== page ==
Flaskerud, J., & Winslow, B. (1998). Conceptualizing vulnerable populations: Health-related research. Nursing Research, 47, (2) 69-78.

Hintze, J. (2007). Number Cruncher Statistical Systems (Version 2007) [Computer Software]. Kaysville, UT: NCSS.

Kutner, M., Greenberg, E., Jin, Y., & Paulsen, C. (2006). The health literacy of America’s adults: Results of the 2003 National Assessment of Health Literacy. (NCES Report No. 2006-483). Retrieved from National Center for Education Statistics website:

http://nces.ed.gov/pubs2006/2006483.pdf

Lasek, R, J., Barkley, W., Harper, D. L., & Rosenthal, G. E. (1997). An evaluation of the impact of nonresponse bias on patient satisfaction surveys. Medical Care, 35, 646–652.

Paasche-Orlow, M. K., Parker, R. M., Gazmararian, J. A., Nielsen-Bohlman, L. T., & Rudd, R. R. (2005). The prevalence of limited health literacy. Journal of General Internal Medicine, 20(2), 175–184.

Sitzia, J., & Wood, N. (1997). Patient satisfaction: A review of issues and concepts. Social Science & Medicine, 45(12), 1829–1843.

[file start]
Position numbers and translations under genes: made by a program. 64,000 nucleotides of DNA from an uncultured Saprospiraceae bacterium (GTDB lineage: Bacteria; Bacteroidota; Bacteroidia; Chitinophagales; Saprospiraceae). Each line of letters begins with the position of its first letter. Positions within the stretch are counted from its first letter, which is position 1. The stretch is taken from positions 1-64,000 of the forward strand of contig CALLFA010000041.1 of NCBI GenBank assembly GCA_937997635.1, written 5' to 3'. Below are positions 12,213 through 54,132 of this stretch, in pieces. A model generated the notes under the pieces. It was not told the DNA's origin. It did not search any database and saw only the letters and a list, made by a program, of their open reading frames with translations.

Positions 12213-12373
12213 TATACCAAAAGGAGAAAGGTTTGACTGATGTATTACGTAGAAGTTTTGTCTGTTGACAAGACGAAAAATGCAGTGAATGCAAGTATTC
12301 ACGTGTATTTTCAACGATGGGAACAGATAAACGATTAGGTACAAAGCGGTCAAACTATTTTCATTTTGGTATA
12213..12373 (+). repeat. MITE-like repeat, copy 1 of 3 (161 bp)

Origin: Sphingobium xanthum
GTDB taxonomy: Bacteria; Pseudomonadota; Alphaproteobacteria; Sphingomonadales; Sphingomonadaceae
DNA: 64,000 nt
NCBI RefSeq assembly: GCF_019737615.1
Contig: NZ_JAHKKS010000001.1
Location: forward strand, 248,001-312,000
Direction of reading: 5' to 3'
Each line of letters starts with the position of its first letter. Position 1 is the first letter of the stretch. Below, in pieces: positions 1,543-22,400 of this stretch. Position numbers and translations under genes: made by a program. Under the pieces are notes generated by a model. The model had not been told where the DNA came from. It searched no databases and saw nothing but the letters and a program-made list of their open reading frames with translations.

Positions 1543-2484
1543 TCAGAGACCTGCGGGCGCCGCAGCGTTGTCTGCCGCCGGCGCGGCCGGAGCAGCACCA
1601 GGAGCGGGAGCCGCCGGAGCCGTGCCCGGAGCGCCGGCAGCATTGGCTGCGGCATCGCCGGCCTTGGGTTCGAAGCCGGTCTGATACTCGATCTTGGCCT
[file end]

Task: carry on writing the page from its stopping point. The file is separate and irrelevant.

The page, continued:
Sofaer, S., Crofton, C., Goldstein, E., Hoy, E., & Crabb, J. (2005). What do consumers want to know about the quality of care in hospitals? Health Services Research, 40(6, Pt. 2), 2018–2036.

Statistical Package for the Social Science, Inc. (Version 12.0) [Computer software]. (2003). Chicago, IL: Author.

U.S. Department of Health & Human Services, Agency of Healthcare Research & Quality. (2011). Frequently asked questions: For what reading level are CAHPS surveys designed? Retrieved from https://www.cahps.ahrq.gov/About-CAHPS/FAQs/FAQ-Search-Results?category={2479D47A-0A1E-4E1F-BA17-80448AEC3791}#747159DB-F8DB-422B-B0CA-DD04774A4B9C

Published
2019-11-24
How to Cite
Fike, G. C. (2019). Augmenting Survey Completion and Rates of Returns for Patients with Low Literacy: A Randomized Control Trial of Telephone Follow-up. International Journal of Nursing, 5(2). Retrieved from https://ijnonline.com/index.php/ijn/article/view/291
Section
Nursing Administration